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Eto - The Twelve Animals Of The Zodiac In Japan

Eto - The Twelve Animals Of The Zodiac In Japan


In the ancient Chinese calendar which was introduced in Japan around the 4th century AD, there are twelve animal signs used as symbols for each year. They are called "eto" or "junishi" in Japanese. Find out more about their significance!

Translated by Verity Lane

Written by MATCHA

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Eto refers to the ancient Chinese zodiac that was introduced in Japan around the third to fourth century. It was mainly employed as a way of indicating the day/month/year, orientation in space, as well as the order in a sequence of events in a symbolical form.

As there are twelve animals in the zodiac, it is also referred to as juni-shi ("the twelve branches", with juni meaning "twelve" in Japanese), as the cycle rotates every twelve years. The order is written below.

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子 (Ne): Rat
丑 (Ushi): Ox
寅 (Tora): Tiger
卯 (U): Rabbit
辰 (Tatsu): Dragon
巳 (Mi): Snake
午 (Uma): Horse
未 (Hitsuji): Sheep
申 (Saru): Monkey
酉 (Tori): Rooster
戌 (Inu): Dog
亥 (Inoshishi): Wild Boar

Finding the Twelve Zodiac Signs at a Shrine

At Japanese shrines, you will often see a lot of objects related to the twelve animals of the zodiac. For example, at Hakuto Shrine (Tottori prefecture) you'll find the Rabbit, while Gou Shrine (Kyoto) is dedicated to the sign of the Wild Boar.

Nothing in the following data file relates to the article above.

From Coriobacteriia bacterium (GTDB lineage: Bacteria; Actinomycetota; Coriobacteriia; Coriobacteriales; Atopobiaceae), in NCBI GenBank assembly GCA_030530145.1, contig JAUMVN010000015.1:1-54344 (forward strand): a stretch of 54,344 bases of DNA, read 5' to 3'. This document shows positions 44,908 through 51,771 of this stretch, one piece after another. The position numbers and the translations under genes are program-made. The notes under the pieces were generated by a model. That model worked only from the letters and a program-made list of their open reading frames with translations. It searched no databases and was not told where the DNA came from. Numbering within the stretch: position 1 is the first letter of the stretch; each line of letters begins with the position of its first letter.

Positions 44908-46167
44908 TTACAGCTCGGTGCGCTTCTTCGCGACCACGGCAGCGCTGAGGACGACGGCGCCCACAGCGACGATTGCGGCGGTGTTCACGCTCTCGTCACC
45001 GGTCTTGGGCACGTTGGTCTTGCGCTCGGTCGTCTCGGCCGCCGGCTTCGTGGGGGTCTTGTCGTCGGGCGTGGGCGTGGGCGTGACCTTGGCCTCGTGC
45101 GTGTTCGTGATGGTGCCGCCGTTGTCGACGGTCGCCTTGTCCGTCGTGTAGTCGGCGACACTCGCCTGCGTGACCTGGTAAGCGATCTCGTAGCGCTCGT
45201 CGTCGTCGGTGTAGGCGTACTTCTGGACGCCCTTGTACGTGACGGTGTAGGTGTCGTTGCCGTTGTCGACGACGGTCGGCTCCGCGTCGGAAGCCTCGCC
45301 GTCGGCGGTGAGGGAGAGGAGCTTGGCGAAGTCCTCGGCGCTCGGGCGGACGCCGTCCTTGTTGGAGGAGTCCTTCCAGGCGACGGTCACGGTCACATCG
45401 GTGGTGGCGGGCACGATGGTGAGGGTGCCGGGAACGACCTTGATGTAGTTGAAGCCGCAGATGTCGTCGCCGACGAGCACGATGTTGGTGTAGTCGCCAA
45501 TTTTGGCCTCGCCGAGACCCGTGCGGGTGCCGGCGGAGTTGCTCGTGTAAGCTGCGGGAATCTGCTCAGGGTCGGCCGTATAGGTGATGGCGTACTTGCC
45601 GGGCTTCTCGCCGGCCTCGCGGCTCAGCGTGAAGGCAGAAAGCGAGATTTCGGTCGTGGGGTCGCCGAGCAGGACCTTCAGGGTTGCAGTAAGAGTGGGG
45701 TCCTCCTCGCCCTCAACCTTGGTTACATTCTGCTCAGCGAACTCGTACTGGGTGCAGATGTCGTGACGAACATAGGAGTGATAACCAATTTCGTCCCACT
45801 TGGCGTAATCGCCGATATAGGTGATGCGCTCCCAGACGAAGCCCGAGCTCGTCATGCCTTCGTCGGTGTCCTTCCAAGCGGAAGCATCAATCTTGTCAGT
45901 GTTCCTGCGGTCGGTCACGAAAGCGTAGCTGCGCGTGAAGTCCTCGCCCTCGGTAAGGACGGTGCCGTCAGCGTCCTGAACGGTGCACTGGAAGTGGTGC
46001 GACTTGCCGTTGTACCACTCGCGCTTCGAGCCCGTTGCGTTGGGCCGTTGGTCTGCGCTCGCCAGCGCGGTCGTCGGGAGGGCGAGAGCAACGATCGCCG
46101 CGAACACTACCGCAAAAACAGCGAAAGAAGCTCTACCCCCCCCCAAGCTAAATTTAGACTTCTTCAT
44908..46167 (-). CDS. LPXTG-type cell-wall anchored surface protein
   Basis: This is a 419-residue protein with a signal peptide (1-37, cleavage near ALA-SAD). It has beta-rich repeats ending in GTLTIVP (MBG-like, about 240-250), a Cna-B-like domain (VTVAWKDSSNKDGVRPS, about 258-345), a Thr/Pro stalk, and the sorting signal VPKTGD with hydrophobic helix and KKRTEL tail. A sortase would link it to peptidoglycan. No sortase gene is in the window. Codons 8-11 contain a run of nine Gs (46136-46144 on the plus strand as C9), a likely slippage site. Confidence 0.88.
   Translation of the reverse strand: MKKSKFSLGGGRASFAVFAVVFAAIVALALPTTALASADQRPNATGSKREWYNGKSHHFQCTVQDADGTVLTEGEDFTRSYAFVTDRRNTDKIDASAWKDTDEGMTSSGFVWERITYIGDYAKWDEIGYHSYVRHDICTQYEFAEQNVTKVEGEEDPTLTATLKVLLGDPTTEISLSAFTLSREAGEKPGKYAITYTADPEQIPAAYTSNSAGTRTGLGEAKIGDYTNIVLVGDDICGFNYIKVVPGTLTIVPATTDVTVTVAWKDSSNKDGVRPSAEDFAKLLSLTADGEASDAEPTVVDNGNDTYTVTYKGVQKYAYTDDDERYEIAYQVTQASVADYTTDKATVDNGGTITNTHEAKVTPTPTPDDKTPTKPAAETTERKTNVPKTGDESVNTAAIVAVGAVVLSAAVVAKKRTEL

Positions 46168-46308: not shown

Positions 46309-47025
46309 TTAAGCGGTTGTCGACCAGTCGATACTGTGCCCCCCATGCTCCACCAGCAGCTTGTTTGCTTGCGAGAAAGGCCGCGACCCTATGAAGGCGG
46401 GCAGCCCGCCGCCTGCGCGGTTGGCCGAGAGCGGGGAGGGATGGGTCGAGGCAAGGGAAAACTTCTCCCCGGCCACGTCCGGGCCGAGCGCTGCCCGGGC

These zodiac symbols are found dotted around the shrines and are definitely one of their highlights. If you research the myths and legends regarding the connection between eto and the shrines you will get a sense of just how long their history really is.

Source: Try an Omikuji (Paper Fortune) at Sensoji (Asakusa)

At Hatsumode (the first shrine visit of the year), many people purchase omikuji (a written oracle) that tells their fortune. Though many kinds of omikuji exist, the eto-mikuji, which means drawing out the fortune telling paper for the year you were born in, is one of the most popular.

The paper eto oracles found at Shimogamo Shrine and the Toyokuni Shrine (both in Kyoto), are placed inside a small ceramic animal shaped object. After you've had fun reading them, you can look forward to taking this cute item home and placing it in your room. They are of course wonderful souvenirs.

The Twelve Animals of the Zodiac and the New Year

You will encounter objects reminding of the Twelve Animals of the Zodiac especially around the New Year, especially when it comes to writing New Years greeting cards (nengajō). The Twelve Animal Signs of the Oriental Calendar are incorporated into the New Year postcards and stamps, so it's something that everybody naturally becomes aware of during this time of the year.

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In the new year, women and men who were born in the same year as the current juni-shi are called toshi-otoko for men, and toshi-onna for women. The word "toshi" means year, and "otoko" and "onna" mean "man" and "woman" respectively. It marks a critical turning point in their lives and it feels a little bit special.

For example, 2015 was the Year of the Sheep, so men and women the ages of 12, 24, 36, 48, 60, 72, 84, 96, 108, 120, were toshi-otoko and toshi-onna.

2017 was the Year of the Rooster, which is why pictures of roosters were everywhere in Japan around the New Year. 2018 is the Year of the Dog, so there are cute cards, posters and statues of dogs in shops all across the country this year.

Japanese people are not always consciously aware of the zodiac signs, however, it is still something that remains rooted in their everyday lives, even today.

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Nengajo - Japanese New Year's Greeting Cards

Hatsumode - Visiting A Shrine Or Temple At New Year's

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